New York — They’ll be watching, and pulling for their respective countries, and wondering the whole time why most of them aren’t there.
The Winter Olympics have begun, and with it, obviously, the men’s hockey tournament – but this time, with no NHL players.
The NHL, Players Association and International Olympic Committee couldn’t all come together on an agreement on terms, and the league decided to sit out these Olympics in South Korea.
This, after having participated in the last five Olympics and producing so many incredible, indelible memories.
Red Wings players have expressed disappointment.
“The Olympics are supposed to embody the best athletes in the world, it’s a shame we’re not going to be there,” said goaltender Jimmy Howard, who was on Team USA in 2014 in Sochi. “It’s been great hockey since the pro guys have started going. It made hockey the focal point of the Olympics.”
What has made the NHL uneasy, even when sending its star players for the Olympics, is the overall cost of shutting the league for three weeks.
As the Olympics rolled on, NHL arenas went dark with no games played. Also, several high-level stars were injured, obviously hurting their NHL teams when they returned.
Still, Howard would gladly do it again if given the opportunity.
“Every guy that has been able to do it would say the same thing,” Howard said. “It was special to be able to go over there, be part of the Olympics.
“It was an honor.”
There will be a Red Wings presence at these Olympics, regardless.
Former Red Wings assistant coach Tony Granato, now a college head coach at Wisconsin, is head coach for Team USA, with former Red Wings player and Olympian Chris Chelios, one of Granato’s assistants.
Defenseman Niklas Kronwall’s younger brother Staffan is representing Sweden in these Olympics, just as Niklas has done in the past.
While pleased for his brother, Niklas Kronwall doesn’t understand why the NHL decided to stay out of these Olympics.
“All the players still don’t quite get why we’re not there,’ Kronwall said. “The possibility of having two Olympics in Asia on top of each other, in an untapped market. We all wish we were there, but we’re not.”
There has been no decision as to whether the NHL will jump back in for the 2022 Olympics in China, with the entire tournament likely becoming a chip during the next rould of collective bargaining talks.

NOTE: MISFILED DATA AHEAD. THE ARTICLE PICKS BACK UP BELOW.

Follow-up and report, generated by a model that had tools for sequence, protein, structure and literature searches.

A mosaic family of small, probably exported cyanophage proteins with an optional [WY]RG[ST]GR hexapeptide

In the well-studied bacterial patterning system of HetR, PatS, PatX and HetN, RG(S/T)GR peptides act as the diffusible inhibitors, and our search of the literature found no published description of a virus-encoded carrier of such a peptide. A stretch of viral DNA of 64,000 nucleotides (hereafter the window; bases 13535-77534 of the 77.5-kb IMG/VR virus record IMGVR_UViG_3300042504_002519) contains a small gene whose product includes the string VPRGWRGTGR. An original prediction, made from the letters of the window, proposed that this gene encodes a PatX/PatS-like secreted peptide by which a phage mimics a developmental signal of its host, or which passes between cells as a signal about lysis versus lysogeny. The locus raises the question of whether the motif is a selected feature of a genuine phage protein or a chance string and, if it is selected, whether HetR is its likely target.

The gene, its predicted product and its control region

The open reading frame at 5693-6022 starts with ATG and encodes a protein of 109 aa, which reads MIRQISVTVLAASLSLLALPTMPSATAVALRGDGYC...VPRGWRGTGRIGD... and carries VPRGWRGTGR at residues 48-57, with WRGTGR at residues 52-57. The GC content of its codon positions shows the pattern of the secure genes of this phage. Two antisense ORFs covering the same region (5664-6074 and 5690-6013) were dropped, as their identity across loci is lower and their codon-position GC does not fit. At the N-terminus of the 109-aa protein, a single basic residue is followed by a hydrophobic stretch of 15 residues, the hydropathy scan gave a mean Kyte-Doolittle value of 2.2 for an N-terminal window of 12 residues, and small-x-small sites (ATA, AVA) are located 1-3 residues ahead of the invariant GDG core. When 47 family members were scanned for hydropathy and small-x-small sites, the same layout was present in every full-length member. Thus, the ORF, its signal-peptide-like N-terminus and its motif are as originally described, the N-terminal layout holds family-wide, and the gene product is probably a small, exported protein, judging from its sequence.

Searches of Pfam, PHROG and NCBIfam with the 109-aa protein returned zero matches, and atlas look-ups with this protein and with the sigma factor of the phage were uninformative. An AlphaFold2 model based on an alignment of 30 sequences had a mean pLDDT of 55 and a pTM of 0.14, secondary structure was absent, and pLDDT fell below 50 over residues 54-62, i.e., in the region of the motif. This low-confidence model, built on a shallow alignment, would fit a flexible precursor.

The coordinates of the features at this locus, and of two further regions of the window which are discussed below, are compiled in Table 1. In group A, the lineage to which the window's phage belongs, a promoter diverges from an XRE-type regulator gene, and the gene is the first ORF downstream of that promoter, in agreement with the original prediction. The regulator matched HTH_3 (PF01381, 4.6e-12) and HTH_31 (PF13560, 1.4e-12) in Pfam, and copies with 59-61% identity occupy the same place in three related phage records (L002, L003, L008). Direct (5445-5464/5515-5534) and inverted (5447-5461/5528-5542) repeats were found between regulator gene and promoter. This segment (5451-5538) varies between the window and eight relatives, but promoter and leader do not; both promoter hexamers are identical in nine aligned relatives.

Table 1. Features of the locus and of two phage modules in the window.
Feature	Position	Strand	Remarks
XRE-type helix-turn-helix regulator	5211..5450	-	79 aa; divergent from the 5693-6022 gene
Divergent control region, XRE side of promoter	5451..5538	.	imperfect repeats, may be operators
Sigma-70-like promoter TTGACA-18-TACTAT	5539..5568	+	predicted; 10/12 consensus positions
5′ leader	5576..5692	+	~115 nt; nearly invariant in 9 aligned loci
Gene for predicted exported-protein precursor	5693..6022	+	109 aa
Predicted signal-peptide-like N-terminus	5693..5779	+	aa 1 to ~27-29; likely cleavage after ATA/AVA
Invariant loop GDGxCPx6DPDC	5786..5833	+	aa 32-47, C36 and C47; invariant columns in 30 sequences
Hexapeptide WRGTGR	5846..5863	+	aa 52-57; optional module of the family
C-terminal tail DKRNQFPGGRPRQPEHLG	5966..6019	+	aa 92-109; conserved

Still, it would be shocking if the NHL decided to sit out those Olympics, and having a huge opportunity to grow the game, in such a massive and largely untapped market.
Red Wings players say they’ll watch the games when they can – many have friends or former teammates on various rosters — although the time difference will have an effect.
“Maybe if it’s on a rerun or something like that,” said Howard, as to how he’ll watch.
Turning it around
It took a while after returning from a severely twisted ankle, but defenseman Danny DeKeyser has returned to the level of play the Red Wings expect.
DeKeyser is producing offense, as a bonus, but is playing the type of defense and playing the type of big minutes the Red Wings need.
“Danny’s been excellent for a month and a half, really,” coach Jeff Blashill said. “He’s really played well. It was a slow start for him, the injury was tough, it’s harder than people realize, especially with the responsibility we put on Danny.”
The Red Wings didn’t hold a morning skate Friday, leading into the game later that night against the New York Islanders.
…Going back to the Olympics, count on Kronwall to be watching many of the sports not usually on network television.
He’ll watch hockey, but also many of the usually hidden events.
“Downhill skiing, (he’s a) big fan,” Kronwall said. “Curling is also something I’ve grown to become a fan of. Sweden’s had success over the years, so that’s always a fun time.”